Mr Speaker, the final Question has to do with possible timelines of re-awarding and start of work. This is so that the inconvenience caused to pedestrians would be minimised.
Hon Minister, are you capable of giving us timelines?
Mr Speaker, I can only assure my Hon Colleagues in this honourable House that I wish this work had been completed even yesterday. We are working with speed and shall expedite action. While I do not want to give any specific timeline, I can assure the Hon Member and this House that we are working with speed to address this issue.
Hon Members, the next Question is in the name of the Hon Member for Garu, Albert Akuka Alalzuuga. Construction of Garu - Bawku Road Q. 268. Mr Albert Akuka Alalzuuga asked the Minister for Roads and Highways when the Garu township roads would be constructed.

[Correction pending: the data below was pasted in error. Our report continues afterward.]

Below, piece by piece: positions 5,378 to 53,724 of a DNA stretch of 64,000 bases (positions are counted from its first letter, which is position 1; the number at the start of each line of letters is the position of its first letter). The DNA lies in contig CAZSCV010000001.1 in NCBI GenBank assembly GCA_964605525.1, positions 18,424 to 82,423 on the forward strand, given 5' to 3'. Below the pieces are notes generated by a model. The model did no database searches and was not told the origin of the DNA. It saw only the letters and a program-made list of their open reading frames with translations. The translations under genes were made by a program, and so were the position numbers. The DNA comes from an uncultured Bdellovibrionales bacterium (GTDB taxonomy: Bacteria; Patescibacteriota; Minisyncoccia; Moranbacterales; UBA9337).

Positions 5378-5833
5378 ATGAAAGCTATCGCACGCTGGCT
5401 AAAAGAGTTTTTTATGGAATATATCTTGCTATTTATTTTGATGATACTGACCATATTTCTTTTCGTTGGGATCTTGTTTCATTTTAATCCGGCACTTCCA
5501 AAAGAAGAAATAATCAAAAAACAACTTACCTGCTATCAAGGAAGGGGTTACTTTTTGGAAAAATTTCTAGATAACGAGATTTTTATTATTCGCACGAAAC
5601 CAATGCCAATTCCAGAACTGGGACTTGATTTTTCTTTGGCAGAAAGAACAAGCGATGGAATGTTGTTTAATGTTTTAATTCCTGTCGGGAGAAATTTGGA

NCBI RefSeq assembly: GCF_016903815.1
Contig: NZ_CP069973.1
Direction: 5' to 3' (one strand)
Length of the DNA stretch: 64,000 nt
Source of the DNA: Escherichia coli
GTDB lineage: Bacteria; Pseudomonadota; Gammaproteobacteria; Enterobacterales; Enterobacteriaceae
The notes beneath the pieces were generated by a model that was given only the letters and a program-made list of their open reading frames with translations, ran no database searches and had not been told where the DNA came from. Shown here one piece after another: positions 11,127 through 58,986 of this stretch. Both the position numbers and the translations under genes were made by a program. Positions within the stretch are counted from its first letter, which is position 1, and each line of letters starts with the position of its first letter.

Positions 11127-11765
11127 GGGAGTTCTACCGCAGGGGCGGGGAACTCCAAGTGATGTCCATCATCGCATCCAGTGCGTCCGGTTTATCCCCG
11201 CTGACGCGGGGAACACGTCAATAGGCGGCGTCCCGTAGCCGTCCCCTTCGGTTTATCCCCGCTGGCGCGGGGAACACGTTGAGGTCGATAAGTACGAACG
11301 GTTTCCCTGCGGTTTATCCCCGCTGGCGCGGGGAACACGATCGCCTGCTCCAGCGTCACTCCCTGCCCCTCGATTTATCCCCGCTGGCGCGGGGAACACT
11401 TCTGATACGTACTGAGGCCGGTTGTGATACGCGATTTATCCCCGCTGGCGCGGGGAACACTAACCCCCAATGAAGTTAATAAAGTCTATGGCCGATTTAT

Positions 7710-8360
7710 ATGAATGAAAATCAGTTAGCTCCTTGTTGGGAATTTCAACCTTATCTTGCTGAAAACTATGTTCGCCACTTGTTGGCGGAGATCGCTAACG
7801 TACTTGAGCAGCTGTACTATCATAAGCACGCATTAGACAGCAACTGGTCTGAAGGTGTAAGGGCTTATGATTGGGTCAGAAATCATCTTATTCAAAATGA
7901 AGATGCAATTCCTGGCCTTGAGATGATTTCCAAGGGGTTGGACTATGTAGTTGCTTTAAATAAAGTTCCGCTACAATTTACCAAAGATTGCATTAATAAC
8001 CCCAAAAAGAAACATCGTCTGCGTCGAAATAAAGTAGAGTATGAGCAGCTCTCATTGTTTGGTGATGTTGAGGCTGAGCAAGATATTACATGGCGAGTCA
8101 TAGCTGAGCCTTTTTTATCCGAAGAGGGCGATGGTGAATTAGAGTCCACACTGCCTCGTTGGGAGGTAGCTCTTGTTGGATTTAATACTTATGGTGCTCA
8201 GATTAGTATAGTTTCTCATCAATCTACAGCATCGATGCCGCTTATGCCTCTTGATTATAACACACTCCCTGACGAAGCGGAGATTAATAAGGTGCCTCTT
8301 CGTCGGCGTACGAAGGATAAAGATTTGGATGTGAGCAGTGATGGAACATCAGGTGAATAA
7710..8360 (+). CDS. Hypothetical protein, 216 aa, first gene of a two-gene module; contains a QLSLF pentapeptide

Mr Speaker, Background The Bawku - Missiga - Garu road is 30km long. The Bawku - Missiga section is 5.0km and paved whilst the Missiga - Garu section is 25.0km and has both bituminous and gravel surfaces. The road traverses Bawku in the Bawku Municipality to Garu in the Garu-Tempane District of the Upper East Region. Current programme There are currently three contracts awarded on the Missiga-Garu section of the Bawku - Garu trunk road: Contract A: Partial Reconstruction of Missiga - Garu road (km 0.0-5.0) and Upgrading of Missiga - Kulungugu road (km 0.0-10.0). The works commenced on 16th January, 2013 for contractual completion on 15th April, 2016. The completion date has since elapsed. The Contractor has requested for an extension of the completion time due to the Employer's delay in paying for work done. The progress of works is projected at 46 per cent physical completion. When completed, the road will have a bituminous surface. Contract B: Regravelling of Missiga - Garu road (km 5.0-10.0) The project commenced on 19th September, 2016 for contractual